Thoughts in Support of the Draft Policy on Care of the Environment

The following are some thoughts, from the committee that wrote the draft policy, in support of the new Draft Policy on Care of the Environment.


Here are some of the factors that have brought us to the situation we face today:


As humans our fears for survival, passed down from generation to generation, have left us feeling like we always need more to be secure. This has led us to thoughtlessly manipulate the earth and its life forms.

Class societies have made possible the mastering of the environment by allowing a small minority of people the time and leisure to think, accumulate knowledge, and plan the activities of society. These societies have improved our survival as a species, but all of them have exploited the work of the majority to enrich the ruling minority.

Modes of production driven by feelings of always needing more are deeply embedded in our societies—especially in our industrial, commercial, and financial systems.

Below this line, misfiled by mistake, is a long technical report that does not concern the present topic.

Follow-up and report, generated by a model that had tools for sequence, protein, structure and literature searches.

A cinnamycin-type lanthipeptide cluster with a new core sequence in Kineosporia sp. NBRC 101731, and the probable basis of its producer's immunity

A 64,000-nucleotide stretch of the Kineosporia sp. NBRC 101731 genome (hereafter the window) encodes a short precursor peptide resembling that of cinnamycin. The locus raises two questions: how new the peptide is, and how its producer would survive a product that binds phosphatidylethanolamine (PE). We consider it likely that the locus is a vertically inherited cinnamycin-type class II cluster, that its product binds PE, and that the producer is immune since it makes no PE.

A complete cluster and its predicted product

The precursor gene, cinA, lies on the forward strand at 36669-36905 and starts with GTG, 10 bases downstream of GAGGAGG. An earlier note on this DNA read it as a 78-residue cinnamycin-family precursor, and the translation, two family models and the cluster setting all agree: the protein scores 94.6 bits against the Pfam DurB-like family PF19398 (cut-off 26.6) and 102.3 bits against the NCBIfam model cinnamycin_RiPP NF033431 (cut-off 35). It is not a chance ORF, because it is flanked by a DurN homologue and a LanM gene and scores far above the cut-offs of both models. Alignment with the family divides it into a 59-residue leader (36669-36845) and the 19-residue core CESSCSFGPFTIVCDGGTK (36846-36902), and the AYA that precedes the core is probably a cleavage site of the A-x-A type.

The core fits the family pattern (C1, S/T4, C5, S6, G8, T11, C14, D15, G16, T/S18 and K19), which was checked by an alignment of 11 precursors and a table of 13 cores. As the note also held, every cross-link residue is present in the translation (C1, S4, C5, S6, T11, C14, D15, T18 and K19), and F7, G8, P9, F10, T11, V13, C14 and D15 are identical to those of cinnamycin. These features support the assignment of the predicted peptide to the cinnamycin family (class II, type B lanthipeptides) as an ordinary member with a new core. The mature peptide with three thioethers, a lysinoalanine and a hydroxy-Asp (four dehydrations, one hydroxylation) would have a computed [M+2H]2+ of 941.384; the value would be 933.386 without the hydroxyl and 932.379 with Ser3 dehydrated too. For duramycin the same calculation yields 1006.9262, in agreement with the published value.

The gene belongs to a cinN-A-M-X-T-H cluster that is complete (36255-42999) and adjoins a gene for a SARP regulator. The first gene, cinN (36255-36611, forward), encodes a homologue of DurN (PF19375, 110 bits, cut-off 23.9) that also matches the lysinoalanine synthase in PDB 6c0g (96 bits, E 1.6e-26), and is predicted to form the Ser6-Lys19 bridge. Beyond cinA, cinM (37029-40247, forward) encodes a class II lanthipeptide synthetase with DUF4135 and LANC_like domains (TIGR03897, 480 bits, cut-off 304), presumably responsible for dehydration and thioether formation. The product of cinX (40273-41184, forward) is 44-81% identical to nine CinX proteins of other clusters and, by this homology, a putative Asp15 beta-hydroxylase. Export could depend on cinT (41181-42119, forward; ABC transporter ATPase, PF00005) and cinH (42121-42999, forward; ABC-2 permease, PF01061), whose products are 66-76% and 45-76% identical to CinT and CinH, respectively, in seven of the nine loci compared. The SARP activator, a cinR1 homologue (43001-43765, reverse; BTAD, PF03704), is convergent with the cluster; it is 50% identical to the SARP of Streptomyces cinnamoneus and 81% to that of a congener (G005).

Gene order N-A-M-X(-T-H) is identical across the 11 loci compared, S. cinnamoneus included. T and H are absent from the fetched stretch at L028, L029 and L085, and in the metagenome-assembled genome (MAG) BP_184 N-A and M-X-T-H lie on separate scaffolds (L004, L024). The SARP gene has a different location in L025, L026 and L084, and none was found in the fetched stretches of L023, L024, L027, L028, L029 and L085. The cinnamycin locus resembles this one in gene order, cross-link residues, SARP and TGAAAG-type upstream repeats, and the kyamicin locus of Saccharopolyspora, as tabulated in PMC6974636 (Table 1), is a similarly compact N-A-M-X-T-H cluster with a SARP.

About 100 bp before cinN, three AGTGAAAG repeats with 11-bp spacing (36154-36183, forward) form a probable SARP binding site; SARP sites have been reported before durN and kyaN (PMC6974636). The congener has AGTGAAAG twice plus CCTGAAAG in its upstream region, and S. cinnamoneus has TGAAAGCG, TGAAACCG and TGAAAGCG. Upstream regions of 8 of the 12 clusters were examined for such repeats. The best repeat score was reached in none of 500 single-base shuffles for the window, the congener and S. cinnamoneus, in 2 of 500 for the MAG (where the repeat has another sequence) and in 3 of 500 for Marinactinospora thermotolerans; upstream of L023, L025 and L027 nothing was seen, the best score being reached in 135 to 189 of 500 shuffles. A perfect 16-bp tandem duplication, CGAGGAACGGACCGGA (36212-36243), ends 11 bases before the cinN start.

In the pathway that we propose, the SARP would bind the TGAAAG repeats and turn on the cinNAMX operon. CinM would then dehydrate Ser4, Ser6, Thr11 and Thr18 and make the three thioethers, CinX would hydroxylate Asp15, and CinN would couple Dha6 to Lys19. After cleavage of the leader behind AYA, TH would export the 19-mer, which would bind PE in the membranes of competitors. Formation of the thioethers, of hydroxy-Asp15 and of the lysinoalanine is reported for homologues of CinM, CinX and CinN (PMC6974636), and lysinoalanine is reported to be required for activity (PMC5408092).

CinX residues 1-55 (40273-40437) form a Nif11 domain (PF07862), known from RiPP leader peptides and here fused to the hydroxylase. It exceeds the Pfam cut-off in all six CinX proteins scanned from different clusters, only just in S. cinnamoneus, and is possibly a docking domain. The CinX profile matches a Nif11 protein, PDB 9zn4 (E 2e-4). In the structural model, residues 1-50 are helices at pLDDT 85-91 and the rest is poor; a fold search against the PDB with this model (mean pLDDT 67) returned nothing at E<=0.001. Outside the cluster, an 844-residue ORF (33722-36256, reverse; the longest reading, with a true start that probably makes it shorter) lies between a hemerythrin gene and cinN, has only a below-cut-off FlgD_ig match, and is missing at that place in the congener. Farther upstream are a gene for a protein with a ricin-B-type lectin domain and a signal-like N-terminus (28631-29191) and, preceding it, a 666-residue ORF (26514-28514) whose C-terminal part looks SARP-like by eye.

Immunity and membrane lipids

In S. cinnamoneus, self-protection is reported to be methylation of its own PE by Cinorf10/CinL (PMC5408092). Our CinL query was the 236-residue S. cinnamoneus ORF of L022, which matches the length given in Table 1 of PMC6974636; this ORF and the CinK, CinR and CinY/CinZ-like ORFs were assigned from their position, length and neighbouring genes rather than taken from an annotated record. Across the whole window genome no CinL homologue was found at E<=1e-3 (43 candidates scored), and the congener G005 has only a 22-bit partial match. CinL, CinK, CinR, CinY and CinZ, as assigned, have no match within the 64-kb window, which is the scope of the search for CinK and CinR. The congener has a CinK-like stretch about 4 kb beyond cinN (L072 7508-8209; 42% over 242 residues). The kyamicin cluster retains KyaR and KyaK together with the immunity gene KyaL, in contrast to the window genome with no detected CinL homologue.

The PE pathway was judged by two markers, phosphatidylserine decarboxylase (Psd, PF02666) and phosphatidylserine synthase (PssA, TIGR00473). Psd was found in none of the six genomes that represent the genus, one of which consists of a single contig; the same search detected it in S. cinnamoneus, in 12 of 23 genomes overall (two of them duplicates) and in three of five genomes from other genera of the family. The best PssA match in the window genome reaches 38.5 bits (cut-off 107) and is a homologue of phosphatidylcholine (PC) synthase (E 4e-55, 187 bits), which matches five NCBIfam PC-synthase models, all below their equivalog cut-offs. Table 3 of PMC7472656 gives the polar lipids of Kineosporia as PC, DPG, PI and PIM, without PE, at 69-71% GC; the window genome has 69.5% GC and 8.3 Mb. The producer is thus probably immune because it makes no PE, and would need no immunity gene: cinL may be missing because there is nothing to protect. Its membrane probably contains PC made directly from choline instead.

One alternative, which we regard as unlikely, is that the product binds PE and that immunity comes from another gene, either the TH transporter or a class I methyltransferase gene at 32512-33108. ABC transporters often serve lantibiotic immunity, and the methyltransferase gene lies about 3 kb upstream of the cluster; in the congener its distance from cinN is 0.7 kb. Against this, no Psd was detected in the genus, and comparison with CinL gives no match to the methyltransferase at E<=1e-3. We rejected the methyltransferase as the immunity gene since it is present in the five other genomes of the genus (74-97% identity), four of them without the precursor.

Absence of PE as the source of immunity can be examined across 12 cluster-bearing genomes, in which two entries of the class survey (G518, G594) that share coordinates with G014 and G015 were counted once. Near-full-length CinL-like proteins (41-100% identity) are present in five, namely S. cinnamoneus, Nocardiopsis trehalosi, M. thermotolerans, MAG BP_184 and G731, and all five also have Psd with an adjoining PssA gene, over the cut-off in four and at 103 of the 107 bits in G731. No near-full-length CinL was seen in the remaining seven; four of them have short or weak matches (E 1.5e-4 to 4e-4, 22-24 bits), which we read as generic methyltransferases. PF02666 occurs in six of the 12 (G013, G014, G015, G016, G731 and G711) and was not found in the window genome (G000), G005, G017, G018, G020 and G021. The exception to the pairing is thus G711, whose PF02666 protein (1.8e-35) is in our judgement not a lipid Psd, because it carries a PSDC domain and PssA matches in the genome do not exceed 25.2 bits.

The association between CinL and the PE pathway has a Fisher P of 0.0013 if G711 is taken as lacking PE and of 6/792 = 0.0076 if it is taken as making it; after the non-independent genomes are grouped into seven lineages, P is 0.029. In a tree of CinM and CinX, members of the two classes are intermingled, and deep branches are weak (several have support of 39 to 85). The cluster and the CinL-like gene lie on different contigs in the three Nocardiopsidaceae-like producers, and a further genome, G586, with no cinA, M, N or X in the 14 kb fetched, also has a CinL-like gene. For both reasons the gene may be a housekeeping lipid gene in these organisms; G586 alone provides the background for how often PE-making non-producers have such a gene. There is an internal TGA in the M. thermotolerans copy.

Capitalism puts nations and corporations in competition with each other for resources and demands growth and profit with little regard for the Earth and its life forms.

Class oppression separates us from one another and from nature. Separated in this way, we are confused by our feelings of insecurity and oppression. We lose touch with our inherent cooperation with and caring for each other and all of life.

We will need to end classism and capitalism to end environmental degradation and reverse climate change. We can begin by discharging on how class oppression has affected us personally, by supporting working-class involvement and leadership, and by building unity across all classes.


Some Western European nations, and later the United States, colonized and ruled (physically, militarily, and/or economically) much of the world. They destroyed local cultures, languages, social structures, and religions. They occupied land and extracted resources , destroying and polluting in the process. They removed Indigenous peoples from their homes, enslaved them, and exploited their labor. Over hundreds of years the wealth of much of the world was transferred to Europe and the United States, and whole nations were impoverished.